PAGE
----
The lack of belief in the vaccine's effectiveness and concerns about potential unseen side effects have a negative impact on the willingness to accept an annual COVID-19 booster dose, as indicated by the logistic regression analysis. Studies have shown that mistrust in vaccine efficacy has remained constant throughout the COVID-19 pandemic. This could be attributed to the limited availability of long-term research on the topic and the rapid introduction of the COVID-19 vaccine despite the disparity between early COVID-19 and post-COVID-19 anti-vaccination attitudes [46].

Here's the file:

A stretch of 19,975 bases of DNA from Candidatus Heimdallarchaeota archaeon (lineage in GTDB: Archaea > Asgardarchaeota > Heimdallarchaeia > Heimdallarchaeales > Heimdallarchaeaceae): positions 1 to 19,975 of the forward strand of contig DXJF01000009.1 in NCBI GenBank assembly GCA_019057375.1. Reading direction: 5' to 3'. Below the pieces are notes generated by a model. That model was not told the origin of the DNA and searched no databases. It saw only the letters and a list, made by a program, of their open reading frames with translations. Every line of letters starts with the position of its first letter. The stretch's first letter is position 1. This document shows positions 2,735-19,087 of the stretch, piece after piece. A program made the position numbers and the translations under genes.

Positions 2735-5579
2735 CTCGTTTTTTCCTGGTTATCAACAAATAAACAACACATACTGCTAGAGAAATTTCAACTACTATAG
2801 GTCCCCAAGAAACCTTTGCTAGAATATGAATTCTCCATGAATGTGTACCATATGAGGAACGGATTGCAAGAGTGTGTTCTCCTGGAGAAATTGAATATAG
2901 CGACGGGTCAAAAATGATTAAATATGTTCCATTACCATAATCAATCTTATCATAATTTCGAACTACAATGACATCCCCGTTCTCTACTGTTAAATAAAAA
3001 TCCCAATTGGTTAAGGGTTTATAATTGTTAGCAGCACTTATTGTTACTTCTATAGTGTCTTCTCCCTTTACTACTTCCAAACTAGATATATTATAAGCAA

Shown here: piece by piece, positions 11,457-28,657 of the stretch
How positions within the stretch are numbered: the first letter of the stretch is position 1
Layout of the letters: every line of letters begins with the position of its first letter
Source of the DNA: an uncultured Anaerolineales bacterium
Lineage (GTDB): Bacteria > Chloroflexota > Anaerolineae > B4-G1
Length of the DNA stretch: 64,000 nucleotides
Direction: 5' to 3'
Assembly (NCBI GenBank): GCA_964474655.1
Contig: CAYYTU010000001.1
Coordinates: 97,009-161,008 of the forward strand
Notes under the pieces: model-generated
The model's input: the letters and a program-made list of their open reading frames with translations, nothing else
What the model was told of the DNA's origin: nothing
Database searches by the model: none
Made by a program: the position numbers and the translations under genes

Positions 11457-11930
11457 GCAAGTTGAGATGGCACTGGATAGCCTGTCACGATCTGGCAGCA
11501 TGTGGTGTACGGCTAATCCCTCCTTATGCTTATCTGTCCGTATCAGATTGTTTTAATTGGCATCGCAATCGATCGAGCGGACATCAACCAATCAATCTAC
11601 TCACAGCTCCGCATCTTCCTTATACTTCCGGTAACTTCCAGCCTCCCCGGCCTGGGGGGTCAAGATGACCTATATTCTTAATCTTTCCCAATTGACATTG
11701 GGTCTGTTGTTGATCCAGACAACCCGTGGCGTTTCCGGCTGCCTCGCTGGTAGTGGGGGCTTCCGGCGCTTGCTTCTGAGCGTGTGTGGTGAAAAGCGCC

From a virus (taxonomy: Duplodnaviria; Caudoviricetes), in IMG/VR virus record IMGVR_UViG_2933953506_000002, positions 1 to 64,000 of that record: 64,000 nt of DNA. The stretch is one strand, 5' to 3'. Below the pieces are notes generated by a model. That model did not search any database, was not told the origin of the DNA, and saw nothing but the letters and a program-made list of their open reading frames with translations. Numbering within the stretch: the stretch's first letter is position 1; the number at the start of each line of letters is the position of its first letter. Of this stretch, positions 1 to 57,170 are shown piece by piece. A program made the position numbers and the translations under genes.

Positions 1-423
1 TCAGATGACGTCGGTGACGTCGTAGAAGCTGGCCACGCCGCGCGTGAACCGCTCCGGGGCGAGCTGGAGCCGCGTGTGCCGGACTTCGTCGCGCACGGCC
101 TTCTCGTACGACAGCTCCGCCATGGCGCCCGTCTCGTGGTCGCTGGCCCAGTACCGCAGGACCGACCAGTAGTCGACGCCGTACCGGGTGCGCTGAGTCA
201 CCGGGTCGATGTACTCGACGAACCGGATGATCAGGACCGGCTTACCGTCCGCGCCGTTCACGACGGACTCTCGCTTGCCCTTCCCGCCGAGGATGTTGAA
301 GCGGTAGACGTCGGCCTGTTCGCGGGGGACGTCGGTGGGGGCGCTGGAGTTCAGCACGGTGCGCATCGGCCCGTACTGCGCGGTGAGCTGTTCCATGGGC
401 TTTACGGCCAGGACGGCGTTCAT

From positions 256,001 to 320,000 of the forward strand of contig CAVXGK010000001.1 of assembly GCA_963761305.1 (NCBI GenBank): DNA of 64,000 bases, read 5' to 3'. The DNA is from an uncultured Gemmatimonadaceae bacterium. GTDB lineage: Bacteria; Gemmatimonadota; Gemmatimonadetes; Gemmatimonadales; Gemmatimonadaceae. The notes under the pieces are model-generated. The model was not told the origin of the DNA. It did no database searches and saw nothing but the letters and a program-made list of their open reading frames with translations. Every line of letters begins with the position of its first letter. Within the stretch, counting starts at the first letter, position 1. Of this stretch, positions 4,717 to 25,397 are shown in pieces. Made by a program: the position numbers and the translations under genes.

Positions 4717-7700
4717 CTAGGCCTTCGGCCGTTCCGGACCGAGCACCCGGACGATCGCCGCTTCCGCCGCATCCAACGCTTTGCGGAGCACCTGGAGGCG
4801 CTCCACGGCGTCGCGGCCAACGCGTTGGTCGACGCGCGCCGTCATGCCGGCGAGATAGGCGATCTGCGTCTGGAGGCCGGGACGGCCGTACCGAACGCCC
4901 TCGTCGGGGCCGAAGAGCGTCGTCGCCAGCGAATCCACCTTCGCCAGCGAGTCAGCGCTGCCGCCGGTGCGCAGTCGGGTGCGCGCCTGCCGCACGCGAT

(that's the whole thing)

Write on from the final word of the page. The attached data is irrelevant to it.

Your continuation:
The relationship between HCWs' vaccination hesitancy and Burnout is a significant concern in the healthcare sector. Few studies suggest that vaccine hesitancy among HCWs' can be linked to increased levels of burnout [47]. Galanis P and colleagues found that Greek nurses who had encountered Burnout were less likely to accept a booster COVID-19 vaccine dose [47, 48]. HCWs' unwillingness to receive vaccinations not only indicates a potential lack of understanding about its benefits but also can be attributed to stress and emotional exhaustion [49]. EE was present in one-third of the sample, and high DP and low PA were present in approximately half of the sample. Our results on the prevalence of Burnout are significantly higher than HCWs in Turkey [50]. The burden of pandemic-related challenges and concerns about personal health and safety may exacerbate Burnout among HCWs. This situation presents a dual challenge, as Burnout affects not only individual well-being but also has implications for the overall quality of patient care. Our bivariate analysis results indicated that those who reported higher burnout levels for the three subscales were more likely to be hesitant to receive an annual booster dose, though this was not statistically significant. A survey conducted in the United States revealed that stress does not affect COVID-19 vaccine hesitancy [51].